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African tech startups take aim at AI ‘colonialism’



African tech startups take aim at AI 'colonialism'

Called Lelapa AI, the artificial intelligence research lab headed by Pelonomi Moiloa means home in southern Africa’s Sotho and Tswana languages – a name that reflects its goal of building algorithms designed by Africans, for Africans.

Lelapa AI is one of a clutch of African startups that aims to offer an alternative to AI systems being built by Western firms such as OpenAI and Google as “digital colonialism” concerns grow about how Big Tech harvests and uses people’s data.

“(Data) can be taken from us in the same way material resources were taken from us, processed and sold back to us like before … (or) used to implement technologies that are able to exploit us further,” Moiloa said, referencing AI-powered misinformation campaigns.

In contrast, Lelapa AI – which Moiloa calls a “socially grounded product and research lab” – has developed a language processing tool for under-represented African languages to help companies translate, transcribe and analyse text and audio for local consumers.


The project’s profits will be used to build an open data platform documenting the restitution process of African heritage objects.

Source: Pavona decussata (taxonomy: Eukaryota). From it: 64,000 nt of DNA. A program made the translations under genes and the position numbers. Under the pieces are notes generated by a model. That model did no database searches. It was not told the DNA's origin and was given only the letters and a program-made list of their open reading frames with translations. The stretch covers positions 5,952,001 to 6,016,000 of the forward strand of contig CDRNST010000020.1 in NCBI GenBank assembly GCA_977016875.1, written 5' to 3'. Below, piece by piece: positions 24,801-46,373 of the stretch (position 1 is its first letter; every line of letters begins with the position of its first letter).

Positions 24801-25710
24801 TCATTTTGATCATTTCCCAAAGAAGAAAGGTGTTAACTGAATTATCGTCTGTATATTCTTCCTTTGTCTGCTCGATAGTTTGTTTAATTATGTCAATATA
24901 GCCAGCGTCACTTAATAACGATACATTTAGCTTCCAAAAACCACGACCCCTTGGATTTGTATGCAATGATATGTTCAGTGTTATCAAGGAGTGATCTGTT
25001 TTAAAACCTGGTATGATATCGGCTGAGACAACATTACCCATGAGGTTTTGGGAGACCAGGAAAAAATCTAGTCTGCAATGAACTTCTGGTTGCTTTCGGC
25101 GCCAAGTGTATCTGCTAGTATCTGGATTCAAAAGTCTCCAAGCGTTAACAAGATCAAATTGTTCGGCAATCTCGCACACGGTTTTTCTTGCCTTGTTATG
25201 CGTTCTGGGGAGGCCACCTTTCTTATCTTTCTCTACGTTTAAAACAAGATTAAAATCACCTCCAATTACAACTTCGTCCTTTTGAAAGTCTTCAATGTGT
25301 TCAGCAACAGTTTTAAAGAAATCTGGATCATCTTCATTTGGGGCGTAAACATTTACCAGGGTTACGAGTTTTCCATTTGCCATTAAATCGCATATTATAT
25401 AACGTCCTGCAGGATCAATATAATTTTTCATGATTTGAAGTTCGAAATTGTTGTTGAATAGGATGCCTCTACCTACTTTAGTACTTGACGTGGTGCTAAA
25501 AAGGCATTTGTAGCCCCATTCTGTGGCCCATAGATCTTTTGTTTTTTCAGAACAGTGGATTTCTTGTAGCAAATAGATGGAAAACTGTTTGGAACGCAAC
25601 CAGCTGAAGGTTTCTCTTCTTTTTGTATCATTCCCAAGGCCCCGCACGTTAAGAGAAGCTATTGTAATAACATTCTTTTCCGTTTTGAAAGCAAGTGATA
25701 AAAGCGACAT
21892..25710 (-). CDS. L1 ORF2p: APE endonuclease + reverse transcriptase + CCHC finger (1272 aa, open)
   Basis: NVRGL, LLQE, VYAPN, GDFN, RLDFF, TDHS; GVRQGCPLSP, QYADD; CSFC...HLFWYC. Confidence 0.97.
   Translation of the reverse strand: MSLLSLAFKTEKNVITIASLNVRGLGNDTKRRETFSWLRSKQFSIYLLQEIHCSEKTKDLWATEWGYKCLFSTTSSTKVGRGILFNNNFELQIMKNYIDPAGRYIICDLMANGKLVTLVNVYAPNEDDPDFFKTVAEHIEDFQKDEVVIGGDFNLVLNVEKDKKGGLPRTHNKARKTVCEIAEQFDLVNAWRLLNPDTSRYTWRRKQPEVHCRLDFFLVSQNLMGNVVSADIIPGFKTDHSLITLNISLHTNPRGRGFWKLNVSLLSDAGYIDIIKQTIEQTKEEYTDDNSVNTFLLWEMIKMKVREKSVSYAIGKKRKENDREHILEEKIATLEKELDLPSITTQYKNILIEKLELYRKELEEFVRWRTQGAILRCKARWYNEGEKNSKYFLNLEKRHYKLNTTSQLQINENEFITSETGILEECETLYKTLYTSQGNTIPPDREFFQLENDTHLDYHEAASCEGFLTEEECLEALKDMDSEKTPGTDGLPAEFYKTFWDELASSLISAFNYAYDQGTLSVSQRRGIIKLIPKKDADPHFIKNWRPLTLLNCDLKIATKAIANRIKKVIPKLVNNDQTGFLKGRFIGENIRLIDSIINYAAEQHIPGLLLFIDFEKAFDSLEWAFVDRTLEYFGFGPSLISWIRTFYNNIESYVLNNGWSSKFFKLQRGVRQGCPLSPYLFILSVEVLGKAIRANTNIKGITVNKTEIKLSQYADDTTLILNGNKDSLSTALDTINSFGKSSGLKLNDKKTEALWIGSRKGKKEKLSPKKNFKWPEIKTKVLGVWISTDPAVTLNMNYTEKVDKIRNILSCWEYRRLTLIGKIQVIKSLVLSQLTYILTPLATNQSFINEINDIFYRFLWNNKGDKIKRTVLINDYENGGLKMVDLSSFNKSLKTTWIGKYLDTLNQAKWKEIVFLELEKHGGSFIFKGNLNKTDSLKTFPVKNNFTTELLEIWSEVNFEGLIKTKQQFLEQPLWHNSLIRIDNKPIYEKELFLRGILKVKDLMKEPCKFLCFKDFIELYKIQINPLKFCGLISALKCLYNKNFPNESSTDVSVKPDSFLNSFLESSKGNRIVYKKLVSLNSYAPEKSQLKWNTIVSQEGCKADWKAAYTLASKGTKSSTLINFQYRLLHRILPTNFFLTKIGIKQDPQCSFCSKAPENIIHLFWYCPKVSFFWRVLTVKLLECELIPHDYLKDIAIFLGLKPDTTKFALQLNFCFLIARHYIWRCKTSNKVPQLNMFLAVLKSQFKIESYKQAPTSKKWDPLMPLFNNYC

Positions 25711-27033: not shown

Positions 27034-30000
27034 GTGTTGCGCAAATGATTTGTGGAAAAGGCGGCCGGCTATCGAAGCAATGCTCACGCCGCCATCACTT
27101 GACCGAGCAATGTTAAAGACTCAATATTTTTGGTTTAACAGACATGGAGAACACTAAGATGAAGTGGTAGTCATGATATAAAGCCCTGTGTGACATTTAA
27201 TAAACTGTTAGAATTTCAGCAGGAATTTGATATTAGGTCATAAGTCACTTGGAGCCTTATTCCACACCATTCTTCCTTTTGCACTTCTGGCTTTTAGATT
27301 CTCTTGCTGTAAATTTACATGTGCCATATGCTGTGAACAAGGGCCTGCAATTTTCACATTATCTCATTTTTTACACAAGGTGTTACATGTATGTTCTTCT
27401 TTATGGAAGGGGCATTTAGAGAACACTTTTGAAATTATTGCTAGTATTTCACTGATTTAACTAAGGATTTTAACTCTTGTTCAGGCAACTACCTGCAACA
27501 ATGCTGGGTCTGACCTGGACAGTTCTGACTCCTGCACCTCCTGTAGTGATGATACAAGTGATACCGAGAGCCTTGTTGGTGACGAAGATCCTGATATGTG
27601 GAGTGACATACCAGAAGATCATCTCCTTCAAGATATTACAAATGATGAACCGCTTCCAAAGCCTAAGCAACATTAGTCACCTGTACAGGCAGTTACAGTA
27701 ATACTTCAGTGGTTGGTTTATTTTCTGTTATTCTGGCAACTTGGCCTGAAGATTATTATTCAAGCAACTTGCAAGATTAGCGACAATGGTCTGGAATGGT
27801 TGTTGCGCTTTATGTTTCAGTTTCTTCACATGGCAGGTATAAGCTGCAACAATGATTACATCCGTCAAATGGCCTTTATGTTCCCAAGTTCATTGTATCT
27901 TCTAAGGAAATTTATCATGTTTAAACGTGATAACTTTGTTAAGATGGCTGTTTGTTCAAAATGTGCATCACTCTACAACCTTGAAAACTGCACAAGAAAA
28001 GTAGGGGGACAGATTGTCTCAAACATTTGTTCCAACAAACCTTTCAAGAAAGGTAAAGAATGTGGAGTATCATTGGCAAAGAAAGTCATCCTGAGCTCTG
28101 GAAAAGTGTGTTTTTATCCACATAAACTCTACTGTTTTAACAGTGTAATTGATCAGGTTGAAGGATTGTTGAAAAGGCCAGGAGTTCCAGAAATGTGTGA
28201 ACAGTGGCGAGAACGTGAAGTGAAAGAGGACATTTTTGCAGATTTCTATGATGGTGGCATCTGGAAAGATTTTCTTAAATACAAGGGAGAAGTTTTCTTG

While fears of data colonialism – the appropriation of Global South data by Big Tech – are not unique to Africa, tech researchers say weak AI regulations across the continent heighten the risk.

Without proper regulations in place that protect the data and needs of local users, a 2022 UNESCO report warned that AI tech in Africa could “exacerbate existing social and economic inequalities”, by discriminating against vulnerable groups such as refugees, for example.

“Africa’s distinctive challenges necessitate the development of AI solutions tailored to local needs,” said Godliver

Owomugisha, co-founder of Busitema University Artificial Intelligence and Interdisciplinary Research (BUAIIR) in Uganda.


BUAIIR is using AI to predict diseases in crops to assist smallholder farmers facing increasing climate change impacts.

“Not building local AI initiatives for African needs poses several risks including … potential exploitation of African data without equitable benefits,” said Owomugisha.

AI created for “universal users” will neglect the languages and needs of individuals who do not fall into the category of “white male”, said Bobina Zulfa from Pollicy, a Ugandan data research collective.

“The whole idea of a universal user is a myth, to say the least,” said Zulfa in an online interview.

A lot of Pollicy’s research aims to focus on how tech can prioritise the needs of African women who are not typically part of mainstream tech developments.


Alongside research papers, Pollicy runs a range of community engagement programmes, including Data Ladies which brings together women to learn skills in the data industry including analysis, machine learning and visualisation.